Angelo Pizzo makes his directing debut on “My All-American,” a movie about legendary 1960s University of Texas football star Freddie Steinmark that opens Friday, but he’s no stranger to the inspirational sports drama.
The Indiana native wrote and produced two of the most beloved and critically praised sports movies ever, “Hoosiers” and “Rudy.” (The former even earned two Oscar nominations and was selected for the National Film Registry.)
“Directing was different than anything I’ve done before in my career, and it was the best,” Pizzo, who is in his 60s, told TheWrap.
Stepping behind the camera was also less of a challenge than he expected.
“Don’t get me wrong, directing is hard, and challenging on every front. But I was very well-prepared and ready,” he said, sounding a lot like Gene Hackman did as the fundamentally sound basketball coach in “Hoosiers.”
Over his decades-long career, Pizzo had attended USC Film School, pulled stints at Warner Bros. Television and Time-Life Films and worked as second-unit director on both “Hoosiers” and “Rudy” — which were directed by Pizzo’s former Indiana University frat brother David Anspaugh. (Anspaugh also directed another Pizzo script, 2005’s soccer saga “The Game of Their Lives.”)
Taking on “My All-American” was tricky because Steinmark (played by “American Horror Story” actor Finn Wittrock) is a legend in football-crazed Texas. Even making the team at UT was an achievement for the 154-pound safety (photo left) who had far more heart than raw talent.
But Steinmark and his teammates were on top of the world when the No. 1 Longhorns defeated No. 2 Arkansas by a point in the 1969 “Game of the Century” in front of President Richard Nixon, Henry Kissinger, George H.W. Bush and the largest TV audience in history at that time.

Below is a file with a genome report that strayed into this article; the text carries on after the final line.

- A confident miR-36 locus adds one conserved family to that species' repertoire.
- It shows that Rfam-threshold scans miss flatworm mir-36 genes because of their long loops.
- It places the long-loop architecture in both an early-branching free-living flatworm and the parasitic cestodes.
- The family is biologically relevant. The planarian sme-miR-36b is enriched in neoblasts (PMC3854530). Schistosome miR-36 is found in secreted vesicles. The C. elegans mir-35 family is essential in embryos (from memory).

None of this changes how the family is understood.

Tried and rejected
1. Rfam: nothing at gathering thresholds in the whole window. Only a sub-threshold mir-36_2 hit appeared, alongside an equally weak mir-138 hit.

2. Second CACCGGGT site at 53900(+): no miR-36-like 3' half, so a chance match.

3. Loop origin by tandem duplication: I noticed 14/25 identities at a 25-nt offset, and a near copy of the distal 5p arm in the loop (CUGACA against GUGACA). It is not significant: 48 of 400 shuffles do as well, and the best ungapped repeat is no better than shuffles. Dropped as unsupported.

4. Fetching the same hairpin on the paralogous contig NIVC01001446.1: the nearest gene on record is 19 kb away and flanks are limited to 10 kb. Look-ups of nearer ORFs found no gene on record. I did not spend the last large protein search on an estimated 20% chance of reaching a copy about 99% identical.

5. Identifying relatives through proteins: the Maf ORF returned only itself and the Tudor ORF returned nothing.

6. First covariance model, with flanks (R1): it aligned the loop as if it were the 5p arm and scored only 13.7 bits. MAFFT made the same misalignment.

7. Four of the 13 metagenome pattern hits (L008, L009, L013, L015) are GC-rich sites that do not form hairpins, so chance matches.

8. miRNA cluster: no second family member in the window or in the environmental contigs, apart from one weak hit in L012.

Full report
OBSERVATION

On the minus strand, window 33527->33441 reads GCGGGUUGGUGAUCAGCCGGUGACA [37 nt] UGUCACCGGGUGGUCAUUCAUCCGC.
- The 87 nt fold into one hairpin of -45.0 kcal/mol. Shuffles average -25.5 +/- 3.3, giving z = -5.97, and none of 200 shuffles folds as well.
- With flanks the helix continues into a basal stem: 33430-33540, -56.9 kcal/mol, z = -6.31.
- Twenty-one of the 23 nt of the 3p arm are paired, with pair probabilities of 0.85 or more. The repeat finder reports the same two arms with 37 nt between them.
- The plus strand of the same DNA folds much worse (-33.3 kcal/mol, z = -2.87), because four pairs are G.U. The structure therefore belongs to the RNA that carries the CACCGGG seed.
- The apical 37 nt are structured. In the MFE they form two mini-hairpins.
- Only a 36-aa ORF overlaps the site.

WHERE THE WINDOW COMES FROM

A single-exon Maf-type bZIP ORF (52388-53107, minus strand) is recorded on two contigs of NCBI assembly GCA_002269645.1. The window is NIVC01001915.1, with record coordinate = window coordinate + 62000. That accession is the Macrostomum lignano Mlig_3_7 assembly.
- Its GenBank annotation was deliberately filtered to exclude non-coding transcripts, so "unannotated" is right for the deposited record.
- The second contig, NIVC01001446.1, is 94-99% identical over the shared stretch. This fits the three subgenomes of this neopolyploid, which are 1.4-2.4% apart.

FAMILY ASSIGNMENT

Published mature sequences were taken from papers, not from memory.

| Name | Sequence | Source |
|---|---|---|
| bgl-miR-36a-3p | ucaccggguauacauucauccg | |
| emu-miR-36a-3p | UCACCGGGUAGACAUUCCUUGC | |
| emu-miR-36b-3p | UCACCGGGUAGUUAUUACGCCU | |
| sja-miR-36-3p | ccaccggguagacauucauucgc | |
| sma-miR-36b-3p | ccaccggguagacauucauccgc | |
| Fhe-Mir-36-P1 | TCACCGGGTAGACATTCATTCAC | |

Steinmark’s left leg had bothered him throughout the game, and when he had it checked out two days later a bone tumor was found just below his left knee. A little more than a week later, the leg was amputated.
Nonetheless, Steinmark stood on the sideline with his team as Texas defeated Notre Dame in the 1970 Cotton Bowl on New Year’s Day. His fight against cancer inspired Congress to write the National Cancer Act of 1971 and Nixon to sign it into law.
Steinmark died in 1971 at age 22. The scoreboard at the Darrell K Royal-Texas Memorial Stadium was dedicated to Steinmark’s memory at a pregame ceremony in 1972 and Longhorn players today still touch a plaque honoring him as they take the field (photo left).
While “Hoosiers” and “Rudy” were both based on fact, Pizzo said “My All-American” hews more closely to the truth than any of his earlier films.
“That was key to earning the backing of Ben Brigham, who financed the movie, and the Steinmark family, which had resisted overtures for nearly 40 years, fearing the story would get Hollywood-ized,” said Pizzo, who based his script on a book by Jim Dent, “Courage Beyond the Game: The Freddie Steinmark Story.”
Steinmark’s family and the Longhorn inner circle seemed happy with the finished film, Pizzo reported: “Edith Royal (the coach’s widow) has watched it several times.”